By: Victoria Cleave, PhD | posted March 21, 2017
The scientific equivalent of magic can happen when you put outstanding researchers together in a room. At the 2016 Blavatnik Science Symposium, a neuroscientist met a physicist, and they realized that the tool the neuroscientist needed to further his work was being developed within the physicist's lab. Both were Blavatnik honorees, and they might never have met had it not been for the Blavatnik Awards for Young Scientists.
The Blavatnik Science Symposium is just one aspect of this distinctive awards program, established with the vision of Len Blavatnik, founder and Chairman of Access Industries and head of the Blavatnik Family Foundation, now celebrating its tenth anniversary. The New York Academy of Sciences has administered the Awards since their inception, when they focused on the New York, New Jersey and Connecticut tri-state area. The basic tenets of the awards are simple: find brilliant researchers age 42 or under in chemistry, physical sciences and engineering, and life sciences, and award them financial support and exposure for their work.
Amit Singer and Deborah Silver listen to a presentation during the 2016 Blavatnik Science Symposium.
Len Blavatnik explained the significance of that vision, "Young scientists represent the future of scientific thought. By honoring these young individuals and their achievements we are helping to promote the breakthroughs in science and technology that will define how our world will look in 20, 50, 100 years."
In 2014, the Foundation supported the expansion from a regional to a national program, recognizing academic researchers across the United States every year with awards of $250,000, one of the largest unrestricted prizes ever created for researchers under the age of 42. After seeing the success of the current Awards the Foundation was keen to support even more young innovators, so the program will expand with two new sets of Awards in the United Kingdom and Israel in early 2017. The Academy is delighted to be partnering with the Israel Academy of Sciences and Humanities to manage the Awards in Israel. Nominations for both new Awards will open in May 2017 and the first Blavatnik UK and Israel laureates will be honored in early 2018.
"We know that this kind of recognition is particularly important because of the focus on scientists at the crucial juncture of their career when they are transitioning from trainee to independent researcher," said Ellis Rubinstein, President and Chief Executive Officer at The New York Academy of Sciences. "Such recognition not only rewards past successes, it directly enables continued research—the kind of research that leads to world-changing discoveries."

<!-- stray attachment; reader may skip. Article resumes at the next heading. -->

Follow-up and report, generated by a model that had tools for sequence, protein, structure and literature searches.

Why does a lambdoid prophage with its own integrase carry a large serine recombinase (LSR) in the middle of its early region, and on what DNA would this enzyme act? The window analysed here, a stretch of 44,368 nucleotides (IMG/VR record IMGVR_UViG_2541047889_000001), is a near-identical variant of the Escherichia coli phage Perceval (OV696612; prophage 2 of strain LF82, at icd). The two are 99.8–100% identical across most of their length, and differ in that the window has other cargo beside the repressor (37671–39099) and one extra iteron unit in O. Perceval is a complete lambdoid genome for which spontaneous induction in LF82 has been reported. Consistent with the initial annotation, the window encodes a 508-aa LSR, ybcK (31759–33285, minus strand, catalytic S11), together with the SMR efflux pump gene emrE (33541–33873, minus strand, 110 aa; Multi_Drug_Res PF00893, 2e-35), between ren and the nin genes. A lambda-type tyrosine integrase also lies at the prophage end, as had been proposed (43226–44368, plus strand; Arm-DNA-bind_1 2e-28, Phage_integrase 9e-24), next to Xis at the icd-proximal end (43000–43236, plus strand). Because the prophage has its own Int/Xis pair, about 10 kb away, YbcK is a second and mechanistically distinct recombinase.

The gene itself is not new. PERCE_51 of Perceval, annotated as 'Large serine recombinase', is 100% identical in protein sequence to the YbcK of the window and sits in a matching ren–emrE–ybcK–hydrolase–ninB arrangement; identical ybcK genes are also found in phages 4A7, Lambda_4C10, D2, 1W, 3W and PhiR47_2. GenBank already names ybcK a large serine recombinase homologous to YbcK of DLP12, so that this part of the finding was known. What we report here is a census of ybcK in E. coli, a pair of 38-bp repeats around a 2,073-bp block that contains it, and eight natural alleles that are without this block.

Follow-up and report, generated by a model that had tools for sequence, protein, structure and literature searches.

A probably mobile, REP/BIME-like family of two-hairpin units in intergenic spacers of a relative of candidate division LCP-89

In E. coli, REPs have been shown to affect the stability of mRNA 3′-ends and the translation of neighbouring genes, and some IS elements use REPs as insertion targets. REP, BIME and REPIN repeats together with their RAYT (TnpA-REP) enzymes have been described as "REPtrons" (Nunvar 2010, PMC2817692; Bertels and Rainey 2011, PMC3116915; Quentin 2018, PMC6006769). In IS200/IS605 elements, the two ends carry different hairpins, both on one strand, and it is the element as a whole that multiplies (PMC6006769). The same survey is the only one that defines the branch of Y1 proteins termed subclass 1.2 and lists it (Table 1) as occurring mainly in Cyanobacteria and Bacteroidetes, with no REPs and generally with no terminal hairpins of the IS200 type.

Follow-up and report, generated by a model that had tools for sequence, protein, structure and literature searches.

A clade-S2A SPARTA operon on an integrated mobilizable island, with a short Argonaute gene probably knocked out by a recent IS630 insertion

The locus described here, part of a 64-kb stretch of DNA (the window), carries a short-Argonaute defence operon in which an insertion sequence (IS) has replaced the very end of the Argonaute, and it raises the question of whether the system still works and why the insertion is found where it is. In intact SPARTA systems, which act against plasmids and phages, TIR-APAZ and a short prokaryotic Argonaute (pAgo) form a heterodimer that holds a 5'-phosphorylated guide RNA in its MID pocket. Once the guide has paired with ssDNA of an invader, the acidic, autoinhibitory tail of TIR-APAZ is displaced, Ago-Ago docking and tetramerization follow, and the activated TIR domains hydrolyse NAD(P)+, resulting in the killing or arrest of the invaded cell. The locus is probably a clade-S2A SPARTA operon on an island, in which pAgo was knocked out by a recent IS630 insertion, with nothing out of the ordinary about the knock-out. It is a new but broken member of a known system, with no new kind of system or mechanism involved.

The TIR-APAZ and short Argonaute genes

During the Awards' first decade, more than 2,000 scientists and engineers were nominated from more than 200 institutions, with prizes totaling more than $4 million.
Michal Lipson, 2010 Blavatnik Awards Faculty winner and Given Foundation Professor at Cornell University, explained: "There are a few awards for young scientists, but almost all of them are based on proposals that you submit, and not on the actual work that you do as a young scientist. The Blavatnik Awards program is true recognition of the work of young scientists; it is unique in that sense. There is no equivalent."
But it is the honorees themselves that are the most remarkable part of the Blavatnik Awards for Young Scientists. Chosen for both their achievements to date and the potential of what's yet to come in their careers, the Awards aim to recognize truly outstanding scientists and engineers forging creative paths in research.
Upper: Chris Chang presents at the Blavatnik Science Symposium. Lower: Yueh Lynn Loo enjoying a networking break at the 2016 Blavatnik Science Symposium.
Beyond accolades, these brilliant young men and women carry out their trailblazing science across the breadth of the Awards categories. From deciphering how memories are formed and stored in the brain, to targeting genetic mutations that drive the growth of aggressive cancers. They have probed the complex physics of dark matter pulling galaxies apart, and designed nano-devices that can purify water or detect disease in low-resource settings.
The downstream impact of supporting such exceptional honorees is clear. As Anthony Guiseppi-Elie, Professor and Division Director at Texas A&M University, who serves on the jury for the Awards, said, "We are, in fact, just touching the lives of a few, but those few have the capacity to influence whole new vistas of enquiry, and so the ripple effect is quite substantial."
Indeed, some immediate effects of the awards have arisen thanks to the generosity of two of the inaugural Blavatnik National Awards Laureates, who chose to donate part of their prize winnings to support even younger scientists: Adam Cohen and Marin Soljačić have established prizes of their own for talented students at Hunter College and high-schoolers in Croatia, respectively.
And of course, the Blavatnik Science Symposium has proven to be a fertile environment for ideas and collaborations, with almost 200 scientists and engineers in the Blavatnik community, and many nationalities represented.
"There are too few opportunities for scientists to actually come together and share the really big ideas. One of the really great things that we get out of the annual Blavatnik Symposium is that you have this community of young scientists that come together in many different fields," said David Charbonneau, 2016 Blavatnik National Laureate and Professor of Astronomy at Harvard University.
"The best scientific research is collaborative and we want our Blavatnik Scholars to be able to tap into the best talent around the world," said Len Blavatnik. "I look forward to the next ten years of finding and supporting exceptional young researchers and helping to promote transformative scientific discoveries.